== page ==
• Variable and auction rate warrants were “put” back to the liquidity providers

School warrants
School Warrants

  • Collateral – 1% sales tax enacted for warrant issue

  • Used to “grant” to school systems in Jefferson County for capital improvements

  • Original issue was $1Billion

  • Currently in default due to downgrade of bond insurers

Public building authority
Public Building Authority

  • Collateral – Lease revenue for public buildings

  • Used primarily to construct courthouse in Bessemer

  • Warrants in good standing currently

Sewer warrants
Sewer Warrants

  • Collateral – Net sewer revenue

  • Does not cascade to General Fund

  • Structured with Fixed, Variable and Auction Rate

  • Used Swaps to synthetically make variable rate bonds fixed

  • Currently in default due to collapse of variable and auction rate bond market

  • Caused acceleration of principal and triggered payment default

So what happened
So, What Happened?

  • Early 1990’s, Cahaba River Society contacts EPA regarding sewer overflow entering Cahaba River

  • EPA files lawsuit against the County

  • Court puts County under a Consent Decree to bring sewer system in compliance with EPA

  • County is given 7 years to complete compliance

  • Workload compression for the area increases costs

  • Other systems in similar circumstances have been given 20 years to complete compliance


  • As time progressed and additional capital dollars were needed and debt service requirements increased, County refinanced bonds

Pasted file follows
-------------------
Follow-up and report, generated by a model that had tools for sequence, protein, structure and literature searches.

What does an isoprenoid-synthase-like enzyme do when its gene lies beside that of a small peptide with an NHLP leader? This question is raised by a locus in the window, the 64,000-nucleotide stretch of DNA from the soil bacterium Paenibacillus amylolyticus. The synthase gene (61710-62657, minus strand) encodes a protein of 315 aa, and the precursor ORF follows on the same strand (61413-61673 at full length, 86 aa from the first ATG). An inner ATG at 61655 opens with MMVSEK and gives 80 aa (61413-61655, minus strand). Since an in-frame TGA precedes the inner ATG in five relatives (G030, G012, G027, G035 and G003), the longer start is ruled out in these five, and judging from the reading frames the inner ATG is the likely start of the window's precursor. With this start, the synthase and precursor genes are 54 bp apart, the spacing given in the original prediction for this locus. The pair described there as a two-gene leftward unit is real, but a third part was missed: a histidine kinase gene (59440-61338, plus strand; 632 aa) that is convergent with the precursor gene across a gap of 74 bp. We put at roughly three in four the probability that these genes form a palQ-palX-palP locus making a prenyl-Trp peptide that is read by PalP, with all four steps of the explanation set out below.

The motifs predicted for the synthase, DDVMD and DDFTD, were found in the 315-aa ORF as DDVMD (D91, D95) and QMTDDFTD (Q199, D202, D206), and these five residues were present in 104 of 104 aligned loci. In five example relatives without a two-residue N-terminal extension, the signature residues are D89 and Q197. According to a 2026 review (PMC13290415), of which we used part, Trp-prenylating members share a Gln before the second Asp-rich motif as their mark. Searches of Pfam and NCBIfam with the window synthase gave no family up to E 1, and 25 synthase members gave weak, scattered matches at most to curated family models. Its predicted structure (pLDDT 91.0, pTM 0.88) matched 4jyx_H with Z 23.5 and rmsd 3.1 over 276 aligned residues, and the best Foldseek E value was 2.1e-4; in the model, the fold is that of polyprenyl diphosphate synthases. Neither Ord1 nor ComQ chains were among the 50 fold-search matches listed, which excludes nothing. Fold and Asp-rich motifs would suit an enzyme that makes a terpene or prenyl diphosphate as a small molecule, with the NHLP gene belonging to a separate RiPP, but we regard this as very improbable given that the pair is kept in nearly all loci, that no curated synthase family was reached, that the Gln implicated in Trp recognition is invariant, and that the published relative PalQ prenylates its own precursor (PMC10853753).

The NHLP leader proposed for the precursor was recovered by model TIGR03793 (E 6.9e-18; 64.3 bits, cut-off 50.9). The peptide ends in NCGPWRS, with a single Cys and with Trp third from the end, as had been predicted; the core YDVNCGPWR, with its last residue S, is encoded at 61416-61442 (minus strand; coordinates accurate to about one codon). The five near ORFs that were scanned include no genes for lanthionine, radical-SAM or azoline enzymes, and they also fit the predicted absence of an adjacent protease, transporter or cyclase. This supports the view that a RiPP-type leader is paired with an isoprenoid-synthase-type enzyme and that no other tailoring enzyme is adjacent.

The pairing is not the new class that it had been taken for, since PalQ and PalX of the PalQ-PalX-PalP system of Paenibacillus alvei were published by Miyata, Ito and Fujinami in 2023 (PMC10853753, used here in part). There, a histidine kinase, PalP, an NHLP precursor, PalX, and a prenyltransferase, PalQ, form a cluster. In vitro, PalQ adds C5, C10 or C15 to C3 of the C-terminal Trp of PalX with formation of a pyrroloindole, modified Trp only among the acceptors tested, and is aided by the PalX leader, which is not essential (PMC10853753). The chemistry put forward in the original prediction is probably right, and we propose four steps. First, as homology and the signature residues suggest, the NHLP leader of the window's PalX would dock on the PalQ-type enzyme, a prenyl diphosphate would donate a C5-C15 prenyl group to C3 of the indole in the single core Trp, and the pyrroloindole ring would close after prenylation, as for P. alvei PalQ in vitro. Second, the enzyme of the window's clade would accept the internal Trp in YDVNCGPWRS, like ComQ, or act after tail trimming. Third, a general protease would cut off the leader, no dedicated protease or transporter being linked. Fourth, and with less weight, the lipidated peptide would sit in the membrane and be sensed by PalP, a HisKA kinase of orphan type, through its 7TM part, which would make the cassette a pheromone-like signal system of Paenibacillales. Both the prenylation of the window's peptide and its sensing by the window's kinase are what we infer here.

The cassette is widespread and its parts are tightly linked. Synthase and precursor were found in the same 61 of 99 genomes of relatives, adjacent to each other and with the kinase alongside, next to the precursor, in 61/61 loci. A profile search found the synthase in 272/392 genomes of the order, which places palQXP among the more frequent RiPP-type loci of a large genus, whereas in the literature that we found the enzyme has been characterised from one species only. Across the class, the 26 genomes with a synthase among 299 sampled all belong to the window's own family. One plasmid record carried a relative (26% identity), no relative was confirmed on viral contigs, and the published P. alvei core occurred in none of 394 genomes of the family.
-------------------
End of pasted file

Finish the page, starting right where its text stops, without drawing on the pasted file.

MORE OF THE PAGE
• Banking advisors recommended exotic variable and auction rate warrants with swaps to make them fixed

  • Within a relevant range, lowered overall rate of interest of the warrants

Market collapse
Market Collapse

  • Prior to the economic downturn of 2008, the County had managed to stay current on its debt service requirements

  • Variable and auction rate bonds are traded on weekly buy/sell transactions

  • Remarketing agent handles weekly trades

  • Enter housing/mortgage market collapse

  • Financial institutions need liquidity to cover losses on mortgages

  • Remarketing agent can no longer find buyer for warrants

  • Warrants are put to either bond insurers or liquidity providers

Market collapse1
Market Collapse

  • Agreements with bond insurers and liquidity providers require accelerated principal payments

  • Additionally, because collapse is widespread, bond insurers begin to fail

  • Downgrade of insurers trickles down to downgrade of bonds

Effects on borrower
Effects on Borrower

  • Borrower has made debt service payments and in some cases has made advance payments

  • Due to no fault of borrower, rates are increased and principal payments accelerated

  • The creditors now place the borrower in default for not making the accelerated payments

  • Additionally, since reserve funds for bonds are supported by bond insurance, downgrade of insurers causing a shortfall in reserve funds


  • Suppose you have a mortgage for a $250,000 house

  • Interest rate 6.25% for 30 years

  • Your payment is $1,539 per month

  • You make regular payments and even some additional payments

  • Due to market activities, your rate goes to 10% and the term changes to 5 years

  • Your payment now goes to $5,312 per month

  • You are now unable to make the payments and the mortgage company declares you in default and forecloses on the house

Reality for sewer debt
Reality for Sewer Debt

  • System cannot sustain $3.2B in debt

  • Even with significant rate increases, shortfall in debt service is significant

  • Many factors contributed to the size of the debt for the system

  • Solution will require a negotiated reduction in the outstanding principal

  • Court appointed receiver is in place to help find a resolution